This article is only available in the PDF format. Download the PDF to view the article, as well as its associated figures and tables.
To the Editor.
—Gerald D. Rogell, MD, recently documented the occurrence of internal ophthalmoplegia following argon laser panretinal photocoagulation in eight eyes of four juvenile diabetic patients who were treated for proliferative retinopathy (Archives 97:904-905, 1979). The most likely mechanism, in his opinion, was photocoagulation damage to the parasympathetic motor fibers that enter the globe at the posterior pole and course anteriorly between the choroid and sclera. Dr Rogell believes that this complication may be common and suggests that it be included during pretreatment discussion with a patient regarding the possible gains and side effects of panretinal therapy.In the immediately preceding issue of the journal (Archives 97:776,1979), George F. Hilton, MD, indicated, in a letter to the editor, that six eyes of six patients had been treated for diabetic rubeosis by a peripheral cryoablation technique, using 90 to 120 noncontiguous applications per eye with sparing of the posterior pole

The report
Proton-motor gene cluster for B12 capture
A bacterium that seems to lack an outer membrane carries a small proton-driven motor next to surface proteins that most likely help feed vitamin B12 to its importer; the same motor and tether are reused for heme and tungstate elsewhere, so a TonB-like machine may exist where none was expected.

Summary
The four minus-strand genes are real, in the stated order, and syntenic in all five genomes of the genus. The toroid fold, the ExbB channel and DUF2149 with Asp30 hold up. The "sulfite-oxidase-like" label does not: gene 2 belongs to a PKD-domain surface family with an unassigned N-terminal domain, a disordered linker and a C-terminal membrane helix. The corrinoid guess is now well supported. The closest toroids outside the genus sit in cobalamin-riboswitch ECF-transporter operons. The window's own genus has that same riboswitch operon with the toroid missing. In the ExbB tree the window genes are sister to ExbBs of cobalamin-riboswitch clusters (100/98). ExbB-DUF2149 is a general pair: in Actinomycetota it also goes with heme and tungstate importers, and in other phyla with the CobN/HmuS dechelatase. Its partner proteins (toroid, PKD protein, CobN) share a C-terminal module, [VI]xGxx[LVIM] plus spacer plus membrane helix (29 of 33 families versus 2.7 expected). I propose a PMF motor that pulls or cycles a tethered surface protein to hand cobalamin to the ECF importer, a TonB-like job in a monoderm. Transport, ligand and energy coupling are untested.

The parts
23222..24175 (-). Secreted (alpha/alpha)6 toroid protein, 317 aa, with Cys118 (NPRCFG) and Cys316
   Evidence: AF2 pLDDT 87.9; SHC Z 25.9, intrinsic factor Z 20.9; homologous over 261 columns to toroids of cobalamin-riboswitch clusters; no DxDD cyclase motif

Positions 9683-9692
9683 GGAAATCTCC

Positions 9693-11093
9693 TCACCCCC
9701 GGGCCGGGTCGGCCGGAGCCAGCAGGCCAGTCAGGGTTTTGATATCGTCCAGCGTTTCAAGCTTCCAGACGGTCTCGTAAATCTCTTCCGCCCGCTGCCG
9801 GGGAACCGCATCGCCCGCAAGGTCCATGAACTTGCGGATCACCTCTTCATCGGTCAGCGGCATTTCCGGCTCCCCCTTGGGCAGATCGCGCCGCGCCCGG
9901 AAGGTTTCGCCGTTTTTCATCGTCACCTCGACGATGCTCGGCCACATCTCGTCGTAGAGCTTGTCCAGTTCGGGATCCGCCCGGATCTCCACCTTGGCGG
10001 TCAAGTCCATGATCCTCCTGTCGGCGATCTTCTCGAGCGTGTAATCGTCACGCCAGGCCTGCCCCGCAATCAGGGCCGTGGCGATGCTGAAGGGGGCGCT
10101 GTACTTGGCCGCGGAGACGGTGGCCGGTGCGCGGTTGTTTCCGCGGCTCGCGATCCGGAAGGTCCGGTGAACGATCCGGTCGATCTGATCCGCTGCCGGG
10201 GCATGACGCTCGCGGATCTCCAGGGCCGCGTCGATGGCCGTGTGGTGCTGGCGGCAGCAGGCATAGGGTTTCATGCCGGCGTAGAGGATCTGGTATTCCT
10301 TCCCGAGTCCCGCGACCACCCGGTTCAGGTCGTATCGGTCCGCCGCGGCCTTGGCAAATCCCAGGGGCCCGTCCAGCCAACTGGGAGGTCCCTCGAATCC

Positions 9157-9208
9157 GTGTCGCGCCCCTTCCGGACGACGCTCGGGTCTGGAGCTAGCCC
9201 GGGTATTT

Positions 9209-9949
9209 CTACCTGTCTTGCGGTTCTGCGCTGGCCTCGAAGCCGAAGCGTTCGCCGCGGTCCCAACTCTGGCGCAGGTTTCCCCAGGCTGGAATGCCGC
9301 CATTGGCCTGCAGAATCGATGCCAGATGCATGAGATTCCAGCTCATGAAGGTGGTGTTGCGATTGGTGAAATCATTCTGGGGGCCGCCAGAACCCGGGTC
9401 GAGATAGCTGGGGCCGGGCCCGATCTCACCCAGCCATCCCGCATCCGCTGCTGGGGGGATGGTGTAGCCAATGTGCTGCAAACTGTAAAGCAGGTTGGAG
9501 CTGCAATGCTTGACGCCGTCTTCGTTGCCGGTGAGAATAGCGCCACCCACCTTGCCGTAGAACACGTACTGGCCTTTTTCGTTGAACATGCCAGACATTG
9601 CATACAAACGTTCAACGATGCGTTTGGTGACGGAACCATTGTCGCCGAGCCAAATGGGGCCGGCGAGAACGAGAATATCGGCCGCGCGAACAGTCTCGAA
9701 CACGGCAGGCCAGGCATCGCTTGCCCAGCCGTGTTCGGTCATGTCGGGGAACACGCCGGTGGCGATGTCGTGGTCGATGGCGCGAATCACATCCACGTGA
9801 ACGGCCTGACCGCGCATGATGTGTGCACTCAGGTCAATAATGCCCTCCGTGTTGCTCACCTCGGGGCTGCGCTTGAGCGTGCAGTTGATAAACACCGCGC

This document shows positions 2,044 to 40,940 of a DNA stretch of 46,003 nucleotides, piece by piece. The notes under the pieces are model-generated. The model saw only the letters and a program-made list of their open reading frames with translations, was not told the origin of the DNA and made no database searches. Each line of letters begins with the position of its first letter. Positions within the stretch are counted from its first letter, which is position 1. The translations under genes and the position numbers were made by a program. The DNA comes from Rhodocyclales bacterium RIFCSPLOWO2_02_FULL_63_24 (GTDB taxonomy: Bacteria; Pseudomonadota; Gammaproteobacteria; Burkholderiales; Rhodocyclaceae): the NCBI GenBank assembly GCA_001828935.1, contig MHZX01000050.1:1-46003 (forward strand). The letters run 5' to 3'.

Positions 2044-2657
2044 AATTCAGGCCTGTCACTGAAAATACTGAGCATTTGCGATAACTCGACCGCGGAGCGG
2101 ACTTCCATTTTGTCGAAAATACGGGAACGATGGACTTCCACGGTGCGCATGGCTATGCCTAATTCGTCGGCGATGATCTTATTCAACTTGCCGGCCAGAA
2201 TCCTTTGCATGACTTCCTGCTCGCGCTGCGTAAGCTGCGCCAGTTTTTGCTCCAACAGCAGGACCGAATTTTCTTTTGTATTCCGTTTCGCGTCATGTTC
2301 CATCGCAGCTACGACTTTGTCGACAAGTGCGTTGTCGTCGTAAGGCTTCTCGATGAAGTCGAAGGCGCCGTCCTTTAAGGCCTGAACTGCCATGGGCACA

Pruett RC. Internal Ophthalmoplegia After Panretinal Therapy. Arch Ophthalmol. 1979;97(11):2212. doi:10.1001/archopht.1979.01020020518025
Coronavirus Resource Center
Customize your JAMA Network experience by selecting one or more topics from the list below.
Create a personal account or sign in to: